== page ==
ACCIONA used the 4D construction model to provide the construction team the information that they needed to optimize decision-making on the job site. image courtesy of ACCIONA

The Future Isn’t Written and Can Be Changed

Rendering of 4d model of bridge construction project

With 4D construction modeling, Skanska was able to drive a “one team” approach. image courtesy of Skanska

Working in a live virtual construction environment provides a single source of truth, ensuring clearer project alignment and better decision-making. This instant data-sharing capability among teams and stakeholders increases productivity, enhances communication, optimizes resources, and provides improved project controls and visibility.

One organization that is taking advantage of these capabilities is Skanska.

When they were chosen by National Highways to install two bridges as part of an improvement project on the U.K.’s busy M42 motorway, engineers at Skanska performed digital rehearsals of the intricate operation. Utilizing 4D construction software, these digital rehearsals allowed the team to make changes to the project and see how it would affect the outcome, conducting construction in the most efficient way. The application enabled the project team to digitally rehearse the construction sequence multiple times before building the asset.

Skanska’s success relied on unifying the delivery team, supply chain, and external stakeholders around a single source of project truth. Everyone could clearly understand the construction methodology and how each individual role fits into the wider operation. With 4D construction modeling, Skanska was able to drive a “one team” approach, where all key project members could input, share, and learn around a 4D digital model, driving better decision-making and a more cohesive, transparent, and collaborative environment.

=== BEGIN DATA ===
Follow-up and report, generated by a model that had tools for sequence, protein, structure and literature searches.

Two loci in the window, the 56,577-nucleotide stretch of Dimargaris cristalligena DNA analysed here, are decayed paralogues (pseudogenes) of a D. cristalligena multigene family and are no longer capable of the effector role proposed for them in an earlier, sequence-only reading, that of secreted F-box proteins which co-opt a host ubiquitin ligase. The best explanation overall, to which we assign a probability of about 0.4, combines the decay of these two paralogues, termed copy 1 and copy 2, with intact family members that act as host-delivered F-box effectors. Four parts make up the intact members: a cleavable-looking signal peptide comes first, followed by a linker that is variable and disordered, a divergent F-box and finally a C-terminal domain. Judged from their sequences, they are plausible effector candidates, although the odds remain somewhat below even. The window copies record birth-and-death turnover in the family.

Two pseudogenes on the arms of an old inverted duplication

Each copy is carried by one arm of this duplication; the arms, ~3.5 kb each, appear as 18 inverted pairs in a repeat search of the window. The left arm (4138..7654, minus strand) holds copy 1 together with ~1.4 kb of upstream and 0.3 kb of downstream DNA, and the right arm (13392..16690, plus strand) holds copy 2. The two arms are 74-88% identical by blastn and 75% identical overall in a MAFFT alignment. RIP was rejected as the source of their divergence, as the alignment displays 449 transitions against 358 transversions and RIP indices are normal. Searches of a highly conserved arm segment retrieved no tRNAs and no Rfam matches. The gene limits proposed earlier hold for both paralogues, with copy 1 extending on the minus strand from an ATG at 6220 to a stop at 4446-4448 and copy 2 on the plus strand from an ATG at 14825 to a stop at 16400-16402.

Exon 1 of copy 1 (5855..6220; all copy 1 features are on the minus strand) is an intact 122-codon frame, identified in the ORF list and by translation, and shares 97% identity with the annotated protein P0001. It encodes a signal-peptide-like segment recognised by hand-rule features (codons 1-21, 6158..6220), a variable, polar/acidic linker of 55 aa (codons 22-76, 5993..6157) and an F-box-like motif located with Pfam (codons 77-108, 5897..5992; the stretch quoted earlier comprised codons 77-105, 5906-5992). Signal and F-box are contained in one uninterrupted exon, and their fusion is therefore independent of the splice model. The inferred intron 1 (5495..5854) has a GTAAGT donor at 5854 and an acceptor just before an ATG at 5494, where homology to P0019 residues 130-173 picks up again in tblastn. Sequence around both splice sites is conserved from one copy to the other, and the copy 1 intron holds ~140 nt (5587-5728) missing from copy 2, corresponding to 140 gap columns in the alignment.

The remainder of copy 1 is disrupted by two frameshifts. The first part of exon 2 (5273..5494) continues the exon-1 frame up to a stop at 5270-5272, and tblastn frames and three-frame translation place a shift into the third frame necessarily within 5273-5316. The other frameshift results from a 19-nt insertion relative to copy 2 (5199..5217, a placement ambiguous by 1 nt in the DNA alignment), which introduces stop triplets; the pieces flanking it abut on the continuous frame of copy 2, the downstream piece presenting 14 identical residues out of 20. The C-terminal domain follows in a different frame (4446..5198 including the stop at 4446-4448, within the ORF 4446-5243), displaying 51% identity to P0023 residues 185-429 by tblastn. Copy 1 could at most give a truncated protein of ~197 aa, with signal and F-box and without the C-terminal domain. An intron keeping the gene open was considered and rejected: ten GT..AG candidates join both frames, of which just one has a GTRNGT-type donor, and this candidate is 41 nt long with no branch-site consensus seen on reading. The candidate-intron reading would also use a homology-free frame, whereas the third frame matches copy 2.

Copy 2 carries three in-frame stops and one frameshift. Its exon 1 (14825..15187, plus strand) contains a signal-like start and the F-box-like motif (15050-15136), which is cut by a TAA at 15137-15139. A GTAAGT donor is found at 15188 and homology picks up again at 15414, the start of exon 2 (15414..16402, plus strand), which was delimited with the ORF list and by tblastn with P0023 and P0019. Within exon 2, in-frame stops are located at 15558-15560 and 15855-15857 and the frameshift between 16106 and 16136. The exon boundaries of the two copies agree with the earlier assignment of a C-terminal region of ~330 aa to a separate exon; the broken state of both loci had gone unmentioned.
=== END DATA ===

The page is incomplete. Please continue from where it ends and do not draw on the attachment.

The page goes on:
Back to the Future—and It’s 4D

Back to the Future’s other lead character, Dr. Emmett Brown—or “Doc” as he’s usually called—told movie-goers, “Roads? Where we’re going, we don’t need roads.”

While that was true for Doc and Marty McFly as they drove the DeLorean through time, we still need roads—and many other types of infrastructure.

It’s been traditionally thought that the construction industry has lagged behind other infrastructure sectors when it comes to technology. However, ACCIONA and Skanska have proven that construction firms and owner-operators are embracing technology to gain insights into project timelines, cost and risk, and collaboration methods.

By adopting the right technologies, the construction industry can see considerable transformation in the supply chain—with improved timeliness, efficiency, and transparency. 4D construction modeling streamlines construction project management processes and reduces waste. It lowers barriers to productivity and can reduce project costs and durations by double-digit percentages.

As Andy Kaiyala, WSB’s vice president of construction technology and controls, said in an interview on the Peggy Smedley Show, “We’re at right moment in time as an industry to embrace the opportunity, to really move past thinking of it in terms of risks, and thinking of it in terms of opportunity. That this digital future is coming. Do I want to be part of that future now, preparing my business, preparing my people, and really leveraging the opportunity to be more competitive, to mitigate risk, to have better transparency. Do I want those things? I think the answer is going to be yes for a lot of companies.”

The future of construction lies in embracing this cutting-edge technology solution that is now driving construction industry planning practices and initiatives to implement modern, more certain, and more sustainable construction methods. With a powerful digital construction platform, such as SYNCHRO, Bentley’s construction management software, the heavy civil industry can unlock the true value of the 4D model and get time on their side as it transforms into a construction digital twin, connected to real-time project data that enables construction teams to work faster, better, and safer.

After all, like Doc said, “Your future is whatever you make it, so make it a good one.”